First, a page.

I never stopped thinking about what I would do if my parents turned up at my apartment. Not really, not entirely. I redirected the thoughts, reassured myself, relied on logic and patterns of behavior to assure myself that it would never happen. Still, I found myself making plans. It would have been terrifying, but easy to reject them, to humiliate them, to put them in a position where they had to re-evaluate the risks and rewards of the situation. It wouldn’t have taken much to be more of a threat to their status than I was worth. Hell, that was basically the space I occupied in their lives most of the time anyway.
Now, I’m more than two-thousand miles away from them, and as far as I know, they don’t even know it yet. There’s a freedom to that, and also a new kind of grief.
There was a part of me that wanted them to show up. Part of me wanted so badly for them to fight for me, to be worth it to them, just once. I knew it would never happen. I knew that I would never be worth risking the rejection. I wasn’t worth the work it would take to have a loving, stable relationship. I knew that, but I couldn’t help but yearn for the relationship I’d always been denied.
While my parents were only an hour away, it was possible. I wasn’t in their town often, but when I was, I always felt a low kind of dread in the areas they frequented. I could so easily have bumped into them. Would they have recognized me? Would they have tried to talk to me? Would it have been a quiet conversation, or would they have loudly accosted me? It’s impossible to say now, and I’m relieved, but also grieving anew.
I told myself over and over again that I was done leaving space for them. I wasn’t going to wait for them to show up or make amends. When I moved, I didn’t leave a forwarding address. I didn’t give them a way to find me or a trail to follow. I don’t regret that decision, but that doesn’t make it any easier.
Being free of them in such a permanent way is elating. Sometimes it hits me driving down the highway that I’m more than two-thousand miles away from my abusers, that there’s nothing they can do to wedge themselves back in. Knowing that I’ll never have to deal with any attempt to re-establish contact, at least not in person, feels like a kind of freedom I’ve never had before.
More than that, there’s no one here who knows them. The shadow of their positions in a community so close at hand doesn’t extend to California, and I don’t have to worry about bumping into someone who would object to the fact that I keep finding myself talking about them as if they’re dead. The way they’ve told the story of our relationship, the way they’ve told the story of themselves, is no longer relevant. While I’ve always felt free to talk openly about my abuse, I no longer have to monitor what I say around people who have spent time in their area. It’s not so much that I broadcast that I had abusive parents or what exactly they did, it’s just nice to not have to worry when the conversation heads toward family. The façade they’ve built, whatever excuses they’ve made about the fact that we no longer have a relationship, doesn’t matter anymore. I can be precisely who I am here without having to cast a glance overhead for flying monkeys.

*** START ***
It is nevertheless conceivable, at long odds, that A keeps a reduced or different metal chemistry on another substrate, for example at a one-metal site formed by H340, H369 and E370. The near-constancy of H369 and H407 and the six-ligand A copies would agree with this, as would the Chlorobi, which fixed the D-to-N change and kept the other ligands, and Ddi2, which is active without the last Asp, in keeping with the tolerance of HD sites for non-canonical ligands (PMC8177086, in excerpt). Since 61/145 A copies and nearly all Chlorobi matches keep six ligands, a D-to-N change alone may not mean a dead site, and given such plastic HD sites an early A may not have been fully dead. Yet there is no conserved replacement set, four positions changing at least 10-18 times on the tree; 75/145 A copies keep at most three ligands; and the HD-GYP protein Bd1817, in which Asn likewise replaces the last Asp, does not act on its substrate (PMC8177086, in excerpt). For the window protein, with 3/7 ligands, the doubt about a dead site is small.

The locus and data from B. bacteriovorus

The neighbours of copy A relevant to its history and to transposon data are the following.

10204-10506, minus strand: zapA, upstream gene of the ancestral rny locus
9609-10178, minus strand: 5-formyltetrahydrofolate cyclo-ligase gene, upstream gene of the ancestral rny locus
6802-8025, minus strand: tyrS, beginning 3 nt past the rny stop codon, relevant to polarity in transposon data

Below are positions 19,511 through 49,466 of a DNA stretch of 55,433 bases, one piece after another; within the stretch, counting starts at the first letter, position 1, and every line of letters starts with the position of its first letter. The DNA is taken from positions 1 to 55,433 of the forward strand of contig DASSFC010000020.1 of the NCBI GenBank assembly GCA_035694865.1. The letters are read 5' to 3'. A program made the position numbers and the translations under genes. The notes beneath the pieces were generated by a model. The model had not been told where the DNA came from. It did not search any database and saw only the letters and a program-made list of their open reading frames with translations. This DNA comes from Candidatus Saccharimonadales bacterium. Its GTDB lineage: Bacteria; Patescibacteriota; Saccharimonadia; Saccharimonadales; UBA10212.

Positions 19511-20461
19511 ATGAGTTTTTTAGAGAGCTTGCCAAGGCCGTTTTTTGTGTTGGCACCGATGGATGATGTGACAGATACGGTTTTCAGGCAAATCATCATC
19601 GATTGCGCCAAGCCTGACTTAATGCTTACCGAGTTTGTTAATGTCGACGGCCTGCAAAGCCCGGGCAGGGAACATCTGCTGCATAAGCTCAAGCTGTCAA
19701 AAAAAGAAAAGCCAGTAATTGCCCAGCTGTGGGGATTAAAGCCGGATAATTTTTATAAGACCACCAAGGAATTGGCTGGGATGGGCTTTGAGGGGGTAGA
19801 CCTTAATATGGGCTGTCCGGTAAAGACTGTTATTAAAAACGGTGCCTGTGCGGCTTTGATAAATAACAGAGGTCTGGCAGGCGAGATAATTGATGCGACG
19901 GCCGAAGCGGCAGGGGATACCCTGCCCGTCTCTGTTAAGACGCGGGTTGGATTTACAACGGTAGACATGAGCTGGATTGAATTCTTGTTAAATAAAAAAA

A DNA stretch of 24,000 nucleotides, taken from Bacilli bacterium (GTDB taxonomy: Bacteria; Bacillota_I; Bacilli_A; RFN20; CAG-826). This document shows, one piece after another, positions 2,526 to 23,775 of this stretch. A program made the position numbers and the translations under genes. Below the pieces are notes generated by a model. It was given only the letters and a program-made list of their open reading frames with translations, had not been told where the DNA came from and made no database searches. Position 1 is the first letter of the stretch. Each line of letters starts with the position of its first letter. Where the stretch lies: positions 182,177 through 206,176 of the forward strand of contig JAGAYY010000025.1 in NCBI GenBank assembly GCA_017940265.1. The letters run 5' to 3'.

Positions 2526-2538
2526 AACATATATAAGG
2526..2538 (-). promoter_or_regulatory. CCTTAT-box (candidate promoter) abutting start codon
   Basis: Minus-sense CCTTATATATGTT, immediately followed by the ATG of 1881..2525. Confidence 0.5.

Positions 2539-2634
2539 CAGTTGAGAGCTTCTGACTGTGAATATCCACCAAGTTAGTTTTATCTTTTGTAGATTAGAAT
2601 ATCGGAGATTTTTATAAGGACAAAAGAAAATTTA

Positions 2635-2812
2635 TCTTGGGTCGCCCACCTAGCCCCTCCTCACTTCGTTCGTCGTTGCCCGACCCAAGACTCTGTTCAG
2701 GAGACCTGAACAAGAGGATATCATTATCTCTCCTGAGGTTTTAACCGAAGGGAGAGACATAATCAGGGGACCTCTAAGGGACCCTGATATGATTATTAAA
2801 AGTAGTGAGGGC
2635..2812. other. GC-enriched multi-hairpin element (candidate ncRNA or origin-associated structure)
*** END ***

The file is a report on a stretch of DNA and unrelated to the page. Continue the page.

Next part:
The trouble is, my move means our relationship is as over as it can be. Whatever slim access proximity afforded them no longer exists. Their opportunity to make amends has been cut off, and the only thing left to do now is to grieve and heal.
I didn’t expect to spend so much time thinking about them once the move was over. I thought I might have a few moments of excited revelation, of holding the novelty of my freedom close, but I didn’t expect there to be another level to my grief.
I thoroughly believed that I’d put everything to do with them to bed long before I even considered moving. I didn’t have more than a passing thought about them while I planned it, and more often than not, it mostly struck me as funny how impossible it would be to ever find me. Healing happens in spirals, though, and issues come creeping back in later, once better mindsets and tools are available. So here I am again, newly struck by both being free from my parents and desperately wanting them to have made any kind of effort. What I know now, though, is that I deserve better than anything my parents had to offer. I don’t have to keep waiting for them to look up and realize that. I can instead create better for myself now, instead of begging people who are incapable of loving me to at least pretend.
They say that moving doesn’t fix anything, that we all just end up carrying the same problems to a new location, and that’s both true and it’s not. On the one hand, I certainly am still dealing with the fall out from a broken family system now thousands of miles away. On the other, I think now there’s just enough space for me to see that I was holding space for them, and that I left it in the apartment I vacated. Everything I thought I’d done internally has now been made physically manifest, and while my parents may never know it, I think it’s just enough space for me to move on.